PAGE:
Martin E. Marty is the Fairfax M. Cone Distinguished Service Professor Emeritus at The University of Chicago and one of the most prominent interpreters of religion and culture today.

Martin E. Marty

Martin E. Marty

By Martin E. Marty

As Pope Francis was an exhorter bidding for attention last month, not only Roman Catholics were his exhortees. Count us in. The dictionary tells us that adding “-ee” to a word turns it into one which means a person or thing that is the object of that verb. The pontiff issued an “apostolic exhortation,” Evangelii Gaudium (The Joy of the Gospel), whose 85 pages have inspired uncommon attention in the media. It was clear that he focused on Catholics, but he probably wouldn’t mind if the rest of us joined his faithful in heeding the exhortation. The document concerned “economic inequality,” “unequal wealth,” and in it he denounced the current economic system as “unjust at its roots” because it defends “the absolute autonomy of the marketplace and financial speculation.” He calls the result “a new tyranny,” which “unilaterally and relentlessly imposes its own laws and rules.”

Elsewhere I’ve briefly commented on his main theme, I’ll here focus on the very important but easily overlookable sub-theme: what all this means for the system, structures, practices, and soul of the Catholic church and for all manners of Christians. We are all in this together. Should we look for possible gains in a culture of indifference? Here is one possibility: that his form of ministry, we are told, is leading hundreds of thousands of disheartened, semi-lapsed, or former Catholics back to the sanctuaries, the sources, and the message of the church. Might we line up with them? A seminary professor whose word lingers in my mind sixty-plus years after he exhorted us, told us Protestants that we should consider ourselves lucky if we would serve parishes visibly in the neighborhood of Catholic churches.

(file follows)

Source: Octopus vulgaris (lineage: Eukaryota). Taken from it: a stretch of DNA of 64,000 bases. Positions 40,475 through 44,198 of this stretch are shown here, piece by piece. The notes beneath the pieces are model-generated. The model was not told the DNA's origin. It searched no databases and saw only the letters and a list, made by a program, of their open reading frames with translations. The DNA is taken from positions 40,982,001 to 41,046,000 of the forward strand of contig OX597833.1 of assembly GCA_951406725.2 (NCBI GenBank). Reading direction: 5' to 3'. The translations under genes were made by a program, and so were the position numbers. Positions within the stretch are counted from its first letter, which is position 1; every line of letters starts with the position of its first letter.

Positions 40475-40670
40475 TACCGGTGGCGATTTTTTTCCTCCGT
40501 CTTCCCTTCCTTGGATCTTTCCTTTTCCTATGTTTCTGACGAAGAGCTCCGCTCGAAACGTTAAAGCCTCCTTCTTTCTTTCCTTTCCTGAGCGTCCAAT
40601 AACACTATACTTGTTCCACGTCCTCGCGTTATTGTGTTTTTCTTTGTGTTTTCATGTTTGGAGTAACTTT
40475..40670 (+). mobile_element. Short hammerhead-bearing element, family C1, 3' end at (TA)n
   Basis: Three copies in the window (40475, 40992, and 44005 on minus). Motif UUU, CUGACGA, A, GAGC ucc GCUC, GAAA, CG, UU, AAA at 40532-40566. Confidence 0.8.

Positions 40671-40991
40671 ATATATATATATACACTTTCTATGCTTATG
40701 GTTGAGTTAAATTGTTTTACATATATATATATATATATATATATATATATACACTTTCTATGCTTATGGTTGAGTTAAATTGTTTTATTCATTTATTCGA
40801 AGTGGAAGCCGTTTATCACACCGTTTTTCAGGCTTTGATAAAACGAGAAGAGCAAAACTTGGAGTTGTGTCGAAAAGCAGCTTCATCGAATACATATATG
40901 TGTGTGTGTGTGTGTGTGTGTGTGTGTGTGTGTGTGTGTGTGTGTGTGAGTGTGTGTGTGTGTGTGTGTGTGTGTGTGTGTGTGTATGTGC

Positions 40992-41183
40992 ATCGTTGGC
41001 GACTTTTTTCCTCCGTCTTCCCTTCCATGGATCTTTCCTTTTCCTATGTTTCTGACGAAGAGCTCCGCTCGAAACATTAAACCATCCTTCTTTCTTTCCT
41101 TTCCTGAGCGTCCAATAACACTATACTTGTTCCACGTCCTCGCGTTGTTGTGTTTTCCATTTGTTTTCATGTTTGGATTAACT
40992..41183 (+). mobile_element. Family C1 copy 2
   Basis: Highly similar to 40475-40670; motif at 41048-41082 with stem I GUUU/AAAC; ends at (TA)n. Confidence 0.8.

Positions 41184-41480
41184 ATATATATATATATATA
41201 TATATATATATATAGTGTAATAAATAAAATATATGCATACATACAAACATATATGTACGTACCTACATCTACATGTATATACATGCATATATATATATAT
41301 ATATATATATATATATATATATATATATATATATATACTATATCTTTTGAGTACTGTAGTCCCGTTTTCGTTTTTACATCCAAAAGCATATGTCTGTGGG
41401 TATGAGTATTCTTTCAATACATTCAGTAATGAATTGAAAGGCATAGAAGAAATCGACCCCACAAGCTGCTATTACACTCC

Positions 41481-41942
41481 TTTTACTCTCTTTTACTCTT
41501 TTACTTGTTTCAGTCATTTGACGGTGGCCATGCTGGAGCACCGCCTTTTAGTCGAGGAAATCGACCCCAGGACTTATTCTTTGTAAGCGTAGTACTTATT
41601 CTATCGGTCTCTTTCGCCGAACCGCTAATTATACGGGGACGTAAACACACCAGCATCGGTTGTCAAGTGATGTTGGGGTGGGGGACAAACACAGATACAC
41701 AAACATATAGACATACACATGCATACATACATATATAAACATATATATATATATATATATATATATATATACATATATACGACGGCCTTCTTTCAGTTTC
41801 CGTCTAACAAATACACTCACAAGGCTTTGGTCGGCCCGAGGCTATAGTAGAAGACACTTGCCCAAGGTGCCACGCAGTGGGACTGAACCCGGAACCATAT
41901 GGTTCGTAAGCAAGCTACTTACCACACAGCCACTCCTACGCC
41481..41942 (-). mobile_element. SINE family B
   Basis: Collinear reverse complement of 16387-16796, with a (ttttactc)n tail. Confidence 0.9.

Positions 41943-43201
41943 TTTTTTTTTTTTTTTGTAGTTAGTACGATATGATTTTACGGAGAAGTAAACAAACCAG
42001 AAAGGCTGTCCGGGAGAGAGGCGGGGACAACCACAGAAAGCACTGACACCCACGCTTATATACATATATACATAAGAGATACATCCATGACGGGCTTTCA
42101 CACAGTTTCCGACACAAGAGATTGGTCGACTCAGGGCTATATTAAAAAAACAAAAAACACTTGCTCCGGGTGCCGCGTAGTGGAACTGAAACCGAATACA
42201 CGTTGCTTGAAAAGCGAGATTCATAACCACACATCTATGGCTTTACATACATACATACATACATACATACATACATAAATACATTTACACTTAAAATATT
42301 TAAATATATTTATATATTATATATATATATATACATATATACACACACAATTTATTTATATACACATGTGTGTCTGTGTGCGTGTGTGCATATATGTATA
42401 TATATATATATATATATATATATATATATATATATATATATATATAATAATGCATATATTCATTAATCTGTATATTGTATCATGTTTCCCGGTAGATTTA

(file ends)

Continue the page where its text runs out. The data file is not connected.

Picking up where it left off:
Why? Because back then, when Catholic church parking lots were still  characteristically full on Sunday morning, it might occur to drowsy late-rising Protestants that something was going on nearby in the name of God, something which just might help awaken curiosity about the act of worship or inspire others by the example of faithful participation. Today, the Sunday morning marathons and soccer-parent occasions  compete for attendance at Mass, so the vision is not as vivid as it was. But exhorter Pope Francis would like to invite back today’s wandering and dispirited Catholics and, if and as he succeeds in any small way, also non-Catholic worshipers who might take clues and cues from reawakened Catholics. There is New Testament language for the fact that we are all members of the one Body and members one of another, so why not begin recognizing this at worship?

The Pope had many more things in mind as he thought and wrote about the Church in the economic order. He even commented on the posture and mien of worshipers in relation to it. If they wanted to evangelize, he exhorted, they have to learn that “an evangelizer must never look like someone who has just come back from a funeral.” He was critical of those who were not ready to sort out which customs and structures, beautiful though they may be, “no longer serve as means of communicating the Gospel, and need reexamination.” As all who pay attention to news know, the Pope even suggested that some “rules or precepts” that had been effective in their time, no longer served. We have heard that some non-Catholic Christians also have to do some examining and revising.

Nobody’s perfect, say Catholics and others who say he is just plain wrong in insisting on the policy of not ordaining women. One would wish that he might see how systems and structures more than readings of the Gospel inhibit Catholics from ordaining them. But that is another topic, an urgent one, for another day. For now:

Some of Pope Francis lines’ are likely to be long remembered and used to measure gains and losses among those who would “evangelize” in the future. Try this: the Church should not be afraid to “get its shoes soiled by the mud of the street.” Christians had to overcome the fears that kept them from evangelizing: ‘More than by fear of going astray, my hope is that we will be moved by the fear of remaining shut up within structures which gives us a false sense of security, within rules which make us harsh judges, within habits which make us feel safe, while at our door people are starving.”

While debates will continue over Pope Francis’ political inspiration, he may serve his church and The Church best by the way he talks about the human person in an alien culture. He is, first of all, a pastor of a sort about which he writes and for whom he hopes, one who is “interested only in helping all those who are in thrall to an individualistic, indifferent and self-centered mentality to be freed from those unworthy chains and to attain a way of living and thinking that is more humane, noble, and fruitful.” Exhortees arise! Consider yourself helped by the Bishop of Rome.

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